Mr. Kilian Walsh

Patient Information Leaftets

This information is provided by Urology West for patients who are undergoing treatment with Urology West and have been advised of specific conditions and treatments.

- Pelvic Floor Care

Pelvic floor weakness can be caused by;

Menopause. As you go through the menopause, your body produces less oestrogen (female sex hormone). This in turn reduces the elasticity of the pelvic floor muscles, which can contribute to pelvic floor weakness.

Straining when opening your bowels. The ‘pushing down’ movement when you strain to open your bowels can overstretch the pelvic floor and make it weaker.

Pregnancy.  Many women first notice they have a problem during or immediately after a pregnancy. Carrying a baby puts extra pressure on your pelvic floor muscles from the start of your pregnancy. During the birth of your baby, the muscles have to stretch to allow the baby to be born, which can also damage your pelvic floor muscles. Some women also tear during labour or have an episiotomy (surgical cut to the vagina to allow the baby to come out more easily), or may have had a forceps or suction (ventouse) delivery. All of these delivery methods may damage your pelvic floor.

What are the symptoms of a weak pelvic floor?
You may experience a range of symptoms, including:

You may have one or more of these symptoms. Your problem may be improved by practising pelvic floor exercises regularly. For information on how to perform these exercises, please read our leaflet, Pelvic floor exercises for women.

What can I do to help prevent my pelvic floor becoming weaker?

Prevent constipation by eating a well balanced diet, high in fibre, fruit and vegetables. If you increase the amount of fibre in your diet, do this gradually. You need to increase the amount of fluid you drink as well. If you don’t, the fibre may have the opposite effect on your bowels and help to cause, rather than prevent, constipation. Make sure you drink enough each day. We recommend at least one and a half litres of fluid a day. This is around eight cups, five mugs or 2.7 pints of fluid per day.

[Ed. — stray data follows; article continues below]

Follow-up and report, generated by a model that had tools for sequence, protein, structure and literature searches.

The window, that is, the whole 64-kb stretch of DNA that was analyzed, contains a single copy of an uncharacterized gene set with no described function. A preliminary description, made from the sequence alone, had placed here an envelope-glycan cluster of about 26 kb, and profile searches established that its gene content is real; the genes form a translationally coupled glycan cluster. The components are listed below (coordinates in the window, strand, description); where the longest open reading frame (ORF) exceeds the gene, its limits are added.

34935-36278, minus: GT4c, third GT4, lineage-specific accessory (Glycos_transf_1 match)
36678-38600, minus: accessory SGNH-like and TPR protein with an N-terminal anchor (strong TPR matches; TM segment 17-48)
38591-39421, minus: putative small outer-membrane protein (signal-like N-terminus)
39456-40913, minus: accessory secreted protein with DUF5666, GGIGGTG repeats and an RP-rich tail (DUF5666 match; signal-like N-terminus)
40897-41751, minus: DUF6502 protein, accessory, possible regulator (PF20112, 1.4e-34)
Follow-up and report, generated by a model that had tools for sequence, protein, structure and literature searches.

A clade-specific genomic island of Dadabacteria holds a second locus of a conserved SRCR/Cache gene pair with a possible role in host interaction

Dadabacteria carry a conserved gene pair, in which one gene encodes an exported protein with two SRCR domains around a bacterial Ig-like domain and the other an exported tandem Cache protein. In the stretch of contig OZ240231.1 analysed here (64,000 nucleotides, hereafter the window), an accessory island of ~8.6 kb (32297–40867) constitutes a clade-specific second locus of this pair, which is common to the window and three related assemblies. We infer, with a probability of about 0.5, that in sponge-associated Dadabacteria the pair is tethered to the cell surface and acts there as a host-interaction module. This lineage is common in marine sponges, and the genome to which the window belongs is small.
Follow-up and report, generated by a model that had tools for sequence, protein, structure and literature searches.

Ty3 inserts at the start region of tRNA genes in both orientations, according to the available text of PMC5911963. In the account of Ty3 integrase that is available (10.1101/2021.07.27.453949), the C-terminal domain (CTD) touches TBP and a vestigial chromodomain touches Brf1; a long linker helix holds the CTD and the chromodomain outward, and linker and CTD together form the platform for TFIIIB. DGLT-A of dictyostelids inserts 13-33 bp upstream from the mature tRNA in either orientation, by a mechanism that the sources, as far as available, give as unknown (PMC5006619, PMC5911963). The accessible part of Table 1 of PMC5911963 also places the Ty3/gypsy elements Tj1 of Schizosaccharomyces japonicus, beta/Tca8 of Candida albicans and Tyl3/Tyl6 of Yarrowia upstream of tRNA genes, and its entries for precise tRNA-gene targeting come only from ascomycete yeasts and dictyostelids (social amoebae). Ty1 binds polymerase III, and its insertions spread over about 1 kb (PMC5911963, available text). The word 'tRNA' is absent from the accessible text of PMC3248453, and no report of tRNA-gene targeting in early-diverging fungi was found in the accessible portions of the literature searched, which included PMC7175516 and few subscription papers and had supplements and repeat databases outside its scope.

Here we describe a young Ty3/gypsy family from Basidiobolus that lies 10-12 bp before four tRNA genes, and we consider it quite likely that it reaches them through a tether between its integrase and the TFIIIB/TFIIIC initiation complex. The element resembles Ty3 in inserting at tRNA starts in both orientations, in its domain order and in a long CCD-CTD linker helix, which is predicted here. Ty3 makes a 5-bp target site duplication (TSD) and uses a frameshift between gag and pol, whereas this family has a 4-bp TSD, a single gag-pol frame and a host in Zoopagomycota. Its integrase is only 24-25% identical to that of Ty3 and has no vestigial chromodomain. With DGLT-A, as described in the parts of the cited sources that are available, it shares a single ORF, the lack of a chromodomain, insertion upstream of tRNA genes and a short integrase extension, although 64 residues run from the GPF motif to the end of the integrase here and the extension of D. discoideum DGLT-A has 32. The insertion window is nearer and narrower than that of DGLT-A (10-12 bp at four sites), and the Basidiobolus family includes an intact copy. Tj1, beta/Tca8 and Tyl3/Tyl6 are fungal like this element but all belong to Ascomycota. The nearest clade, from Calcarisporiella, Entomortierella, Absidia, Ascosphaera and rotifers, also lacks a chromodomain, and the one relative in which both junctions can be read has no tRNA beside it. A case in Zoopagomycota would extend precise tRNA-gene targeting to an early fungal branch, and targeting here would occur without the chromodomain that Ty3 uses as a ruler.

Establish a regular pattern for opening your bowels. For example, after breakfast in the morning. Make sure that you sit on the toilet in the correct position, with your knees slightly higher than your hips and lean forward. This will make it easier for you to open your bowels.

Seek treatment for coughs. Persistent coughs can damage your pelvic floor, as every cough bounces on your pelvic floor and may over stretch the muscles. If you develop a cough, seek treatment as soon   as possible.

Stop smoking. Sometimes the chemicals in cigarettes can also weaken your pelvic floor muscles. If you smoke, try to quit.

Keep within your normal weight range.
Extra weight puts more pressure on your pelvic floor. Overweight women often say that their symptoms improve once they have lost some weight. Your GP will be able to tell you whether you are an acceptable weight for your height and what you should do if you are under or overweight.

Avoid certain exercises. Some exercises can make the pressure inside your abdomen rise, which then pushes down onto your pelvic floor stretching the muscles. You should not do sit ups with straight legs or double straight leg raises. These exercises are included in some keep-fit routines, aerobics and yoga.

Do not stop exercising altogether; just don’t do these particular exercises. There are other ways to strengthen your stomach muscles. You should also try to avoid high impact exercises such as step aerobics. Speak to your GP for advice if you are unsure.

Perform pelvic floor exercises. By exercising your pelvic floor, the muscles will become stronger and provide your internal organs with more support. You will be able to control wind better and prevent urine and stool leakages. You may also notice an improvement in your sex life.  Performing these exercises is particularly important after the birth of a baby. The area around your vagina (perineum) can be very sore, but it is important that new mums start to do their pelvic floor exercises as soon as possible after the birth. This helps to build up muscle strength again and prevent urinary incontinence in the future.

Avoid lifting heavy objects. Don’t be tempted to lift heavy objects. If you need to, then bend your knees, keep your back straight and tighten your pelvic floor before you lift.

You can download this information in PDF format here: Pelvic Floor Care.pdf

adobe readerThis page includes links to documents in Portable Document File (PDF) format. To read PDF documents you may need to download the free Adobe Reader.